IUCN category IV (habitat/species management area)
|Location||Southern Province Sierra Leone|
|Area||1,200 hectares (12 km2)|
|Established||1 January 1987|
|Governing body||Environmental Foundation for Africa|
Tiwai Island (Mende for 'Big Island') is a wildlife sanctuary and tourist site in Sierra Leone. Run by the non-governmental organization Environmental Foundation for Africa, Tiwai is 12 square kilometers in area and located on the Moa River in the Southern Province. It is also one of the largest inland islands in the country.
Tiwai belong to the Barri people until the late 19th century when Queen Nyarroh the Barri Chief gave half the Island to the Koya Chief whose territory was on the opposite side of the River Moa River where the Island is located. From then on both peoples share ownership of the Island.In the late 1970s the Island was recognised as a special biosphere for wildlife conservation. Numerous natural scientists visited the island during the 1970s and 1980s, researching various aspects of its flora and fauna. Subsequently, some researchers along with the Barri and Koya people then requested that it became a wildlife sanctuary and in 1987 it was official designated a game reserve. Activities including community conservation program, ecological research, wildlife management, tourism and forestry management training took place on the Island. Then, in 1991 civil war broke out in Sierra Leone financial support for the Tiwai was stopped and researchers and tourists were unable to reach the Island. After the end of the civil war the Environmental Foundation for Africa, a local Sierra Leonean NGO, rebuilt both tourism and researcher facilities on the island.
Tiwai Island is located in the Southern Province, 15 km from the town of Potoru on the Moa River 60 km from the Atlantic Ocean. The Island has area of 1,200 hectares (12 km2) and is between 80 and 100 meters above sea level. The climate on the Island is tropical with a rainy season between May and October and a dry season between December and March. The average temperature is 27°C and rainfall is about 3,000 mm a year.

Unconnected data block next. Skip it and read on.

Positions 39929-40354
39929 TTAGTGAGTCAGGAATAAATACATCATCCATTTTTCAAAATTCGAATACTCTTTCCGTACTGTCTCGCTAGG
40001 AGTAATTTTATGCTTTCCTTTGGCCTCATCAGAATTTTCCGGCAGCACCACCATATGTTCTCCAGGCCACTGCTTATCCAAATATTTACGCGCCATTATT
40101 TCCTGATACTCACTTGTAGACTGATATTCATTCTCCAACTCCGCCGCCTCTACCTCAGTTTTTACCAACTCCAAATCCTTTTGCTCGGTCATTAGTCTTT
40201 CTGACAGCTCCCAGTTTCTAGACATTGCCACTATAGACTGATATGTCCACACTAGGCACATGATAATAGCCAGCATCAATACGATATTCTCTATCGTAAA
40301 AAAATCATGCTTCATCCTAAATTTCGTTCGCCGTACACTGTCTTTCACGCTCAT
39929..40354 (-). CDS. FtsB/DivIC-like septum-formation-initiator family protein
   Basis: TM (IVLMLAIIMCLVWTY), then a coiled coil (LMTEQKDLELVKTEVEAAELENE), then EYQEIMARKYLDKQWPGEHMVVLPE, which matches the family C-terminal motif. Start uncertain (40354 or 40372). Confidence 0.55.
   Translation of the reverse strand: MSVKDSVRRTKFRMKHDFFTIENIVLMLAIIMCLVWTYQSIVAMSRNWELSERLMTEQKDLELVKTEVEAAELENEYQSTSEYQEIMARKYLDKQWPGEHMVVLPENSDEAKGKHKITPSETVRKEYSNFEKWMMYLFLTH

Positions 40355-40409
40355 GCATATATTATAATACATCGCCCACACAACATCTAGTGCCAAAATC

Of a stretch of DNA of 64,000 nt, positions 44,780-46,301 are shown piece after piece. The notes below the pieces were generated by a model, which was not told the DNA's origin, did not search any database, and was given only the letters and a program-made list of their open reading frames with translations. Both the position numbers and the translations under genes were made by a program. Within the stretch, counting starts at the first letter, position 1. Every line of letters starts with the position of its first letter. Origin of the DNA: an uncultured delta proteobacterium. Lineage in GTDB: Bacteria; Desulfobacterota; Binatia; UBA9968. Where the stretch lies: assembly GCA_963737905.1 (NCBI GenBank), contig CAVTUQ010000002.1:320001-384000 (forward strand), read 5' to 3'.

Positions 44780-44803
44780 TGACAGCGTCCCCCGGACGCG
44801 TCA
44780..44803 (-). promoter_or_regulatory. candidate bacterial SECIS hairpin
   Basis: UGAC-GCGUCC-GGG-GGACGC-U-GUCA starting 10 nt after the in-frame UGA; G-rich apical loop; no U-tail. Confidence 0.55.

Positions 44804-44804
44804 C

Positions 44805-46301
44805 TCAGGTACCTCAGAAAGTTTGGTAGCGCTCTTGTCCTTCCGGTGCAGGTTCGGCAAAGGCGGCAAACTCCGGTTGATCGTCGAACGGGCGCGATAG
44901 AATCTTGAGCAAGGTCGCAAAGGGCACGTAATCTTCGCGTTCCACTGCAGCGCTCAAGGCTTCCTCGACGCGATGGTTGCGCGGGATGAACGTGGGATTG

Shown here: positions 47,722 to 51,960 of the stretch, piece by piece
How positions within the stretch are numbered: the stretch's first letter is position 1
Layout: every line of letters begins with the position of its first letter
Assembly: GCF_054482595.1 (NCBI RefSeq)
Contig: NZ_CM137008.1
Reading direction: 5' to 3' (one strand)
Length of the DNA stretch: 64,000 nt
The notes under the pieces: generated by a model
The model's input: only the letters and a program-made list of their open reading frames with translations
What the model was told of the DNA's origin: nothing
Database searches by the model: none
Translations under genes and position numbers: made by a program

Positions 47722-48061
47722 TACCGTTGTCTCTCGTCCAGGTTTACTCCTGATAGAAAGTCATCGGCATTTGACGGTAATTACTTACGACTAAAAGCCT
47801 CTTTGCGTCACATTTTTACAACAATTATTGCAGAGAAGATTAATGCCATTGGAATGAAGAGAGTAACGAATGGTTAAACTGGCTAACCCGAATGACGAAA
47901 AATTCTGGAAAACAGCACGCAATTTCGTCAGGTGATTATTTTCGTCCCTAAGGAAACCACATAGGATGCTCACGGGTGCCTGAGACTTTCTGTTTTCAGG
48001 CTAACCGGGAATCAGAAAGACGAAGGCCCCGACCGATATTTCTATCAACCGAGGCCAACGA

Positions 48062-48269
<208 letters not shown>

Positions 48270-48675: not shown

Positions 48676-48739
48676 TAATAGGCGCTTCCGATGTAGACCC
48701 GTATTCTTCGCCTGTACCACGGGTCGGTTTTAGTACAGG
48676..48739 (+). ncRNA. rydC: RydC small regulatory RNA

The Island is home to a population of pygmy hippopotamus, over 135 different species of birds and "one of the highest concentration and diversity of primates in the world … 11 species."
The Loma Mountains are the highest mountain range in Sierra Leone. The highest peak is Mount Bintumani which rises to a height of 1,945 metres (6,381 ft). The area has been designated a non-hunting forest reserve since 1952. The reserve covers an area of 33,201 hectares.
Outamba-Kilimi National Park is located in northwest Sierra Leone near the border with the Republic of Guinea. The park is divided into two areas, Outamba (741 km²) and Kilimi (368 km²). The area became a game reserve in 1974, and was formally gazetted as a National Park in October 1995. The park is named after its highest peak in one part, Mount Outamba, and its longest river in the other, River Kilimi. The area was originally chosen for preservation as it contains a large number of chimpanzees. The vegetation is called woodland savanna, with a mixture of jungle and savanna.
Indian Wild Ass Sanctuary also known as the Wild Ass Wildlife Sanctuary is located in the Little Rann of Kutch in the Gujarat state of India. It is spread over an area of 4954 km².
The Environmental Foundation for Africa (EFA) is a Sierra Leone non-governmental organization founded in 1992 that aims to protect and restore the environment in West Africa.
India is home to a large variety of animals. It is a biodiversity hotspot with its various ecosystems ranging from the Himalayas in the north to the evergreen rain-forests in the south, the desert sands of the west to the marshy mangroves of the east. India, lying within the Indomalayan realm, is home to about 7.6% of mammal, 14.7% of amphibian, 6% of bird, 6.2% of reptilian, and 6.0% of flowering plant species. India's forest lands nurture about 500 species of mammals and 2000+ bird species. This richness of Indian wildlife has been celebrated since time immemorial. Four of India’s national symbols consist India’s mammals.
The wildlife of Sierra Leone is very diverse due to the variety of different habitats within the country. Sierra Leone is home to approximately 2090 known higher plant species, 147 known species of mammals, 172 known breeding bird species, 67 known reptile species, 35 known amphibian species and 99 known species of fish.
The Kenya Wildlife Service (KWS) is a Kenyan state corporation that was established in 1989 to conserve and manage Kenya’s wildlife. It is established under an Act of Parliament Cap 376 with the mandate to conserve and manage wildlife in Kenya, and to enforce related laws and regulations. It manages the biodiversity of the country, protecting and conserving the flora and fauna.